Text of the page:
My stab at encryption in C

Encryption
Image by Pete Linforth from Pixabay

This is a little bit off-topic for this blog but hey it’s my blog and it is C code and I will be publishing it in full.  It’s often said that programmers should not write their own encryption software because most programmers do not have the mathematical background.  And I confess that’s me…

However, I thought I’d publish it and put it out there and someone can look at it and say, oh that’s far too easy to break, or maybe not!

The other truism with writing encryption software is that it must not depend upon the algorithm being concealed; the key yes, the algorithm no. So here’s my algorithm.

Generate a 64 byte key. This key has one property, in that it contains each of the 64 numbers 0-63. The order is scrambled. So it might start 0,1,2 but after the bytes have been shuffled (like shuffling cards in a deck) then it might have 43,9,12 and so on.  Think of it as a single row with 64 columns. This 64 byte array must be written to disk. It’s a symmetric cipher, the same key is used to encrypt and decrypt.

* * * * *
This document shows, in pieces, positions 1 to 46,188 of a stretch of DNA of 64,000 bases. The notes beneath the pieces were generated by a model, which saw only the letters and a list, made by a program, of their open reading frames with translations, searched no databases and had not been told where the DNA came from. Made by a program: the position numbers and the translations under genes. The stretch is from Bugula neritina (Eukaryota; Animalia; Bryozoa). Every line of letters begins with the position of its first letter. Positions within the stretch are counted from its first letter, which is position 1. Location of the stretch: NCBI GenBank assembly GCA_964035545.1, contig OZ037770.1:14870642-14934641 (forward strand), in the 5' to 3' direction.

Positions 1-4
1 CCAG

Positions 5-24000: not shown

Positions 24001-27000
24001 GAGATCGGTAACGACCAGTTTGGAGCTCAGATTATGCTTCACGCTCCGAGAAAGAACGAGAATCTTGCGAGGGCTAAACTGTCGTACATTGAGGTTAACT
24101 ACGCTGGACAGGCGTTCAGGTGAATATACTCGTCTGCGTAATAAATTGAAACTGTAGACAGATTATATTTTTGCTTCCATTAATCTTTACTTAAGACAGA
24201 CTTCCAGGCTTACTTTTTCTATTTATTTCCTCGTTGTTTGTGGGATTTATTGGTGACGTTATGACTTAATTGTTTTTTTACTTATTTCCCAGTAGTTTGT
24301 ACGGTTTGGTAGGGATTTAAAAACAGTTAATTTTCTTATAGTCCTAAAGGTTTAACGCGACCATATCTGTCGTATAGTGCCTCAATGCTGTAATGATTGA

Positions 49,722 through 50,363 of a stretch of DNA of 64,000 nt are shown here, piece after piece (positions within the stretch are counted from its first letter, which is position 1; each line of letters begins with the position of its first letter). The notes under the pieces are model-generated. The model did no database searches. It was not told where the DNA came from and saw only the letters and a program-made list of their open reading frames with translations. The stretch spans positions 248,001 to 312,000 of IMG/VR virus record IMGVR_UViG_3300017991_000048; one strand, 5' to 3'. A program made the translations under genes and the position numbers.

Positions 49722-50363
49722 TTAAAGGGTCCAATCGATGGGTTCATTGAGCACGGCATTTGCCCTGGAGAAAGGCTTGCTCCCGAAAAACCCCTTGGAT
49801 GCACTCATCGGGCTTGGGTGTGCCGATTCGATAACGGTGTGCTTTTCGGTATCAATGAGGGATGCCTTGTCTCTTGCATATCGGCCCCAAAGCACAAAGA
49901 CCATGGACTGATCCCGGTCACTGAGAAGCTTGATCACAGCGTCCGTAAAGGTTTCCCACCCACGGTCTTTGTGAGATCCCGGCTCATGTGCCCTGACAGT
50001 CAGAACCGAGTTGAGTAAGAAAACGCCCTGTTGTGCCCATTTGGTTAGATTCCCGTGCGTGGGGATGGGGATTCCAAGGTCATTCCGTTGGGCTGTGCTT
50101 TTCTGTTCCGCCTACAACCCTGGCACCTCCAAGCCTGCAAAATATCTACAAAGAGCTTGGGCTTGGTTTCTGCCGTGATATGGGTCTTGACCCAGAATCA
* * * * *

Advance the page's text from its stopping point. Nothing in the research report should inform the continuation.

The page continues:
Take the plain text and process it in blocks of 8 bytes at a time. Split those 8 bytes into 64 individual bits and write each bit to its own stream. So after processing 64 bytes, each stream has a single byte. Now write these 64 bytes to the file but index the column by the key i.e.

for (i=0;i<64;i++)  
  write(file, data[key[i]]);  

So the first byte written would be data[43] then data[9], data[12] and so on.

So you say, that doesn’t sound very complicated. Are you sure it is encrypted?

Well consider our 64 byte key. There are 64! different ways of rearranging the 64 bytes. If I repeat some of my post from three days ago. “If you could do a million a second, it would take you 1.27×1083 seconds or 4.02×1075 years! Or to make it more meaningful it’s this large! 4.02,000,000,000,000,000,000,000,000,000,000,000,000,000,000,000,000,000,000,000,000,000,000,000,000,000 years. That’s approaching (but still far far off) the time for the heat death of the universe which is estimated at 10100!”

Now I don’t know what methods might be used to crack it. Plus if you have some super-dooper fast hardware that can brute force it, it must have some way of recognising that the decrypted data is correct. If before encrypting it, we do a round of obscuring text, maybe something as simple as xoring the text with a repeating set of values, it’s going to make things a wee bit harder.

I welcome any comments on this and as soon as I have finished testing my program, I’ll put the source code up on Github.

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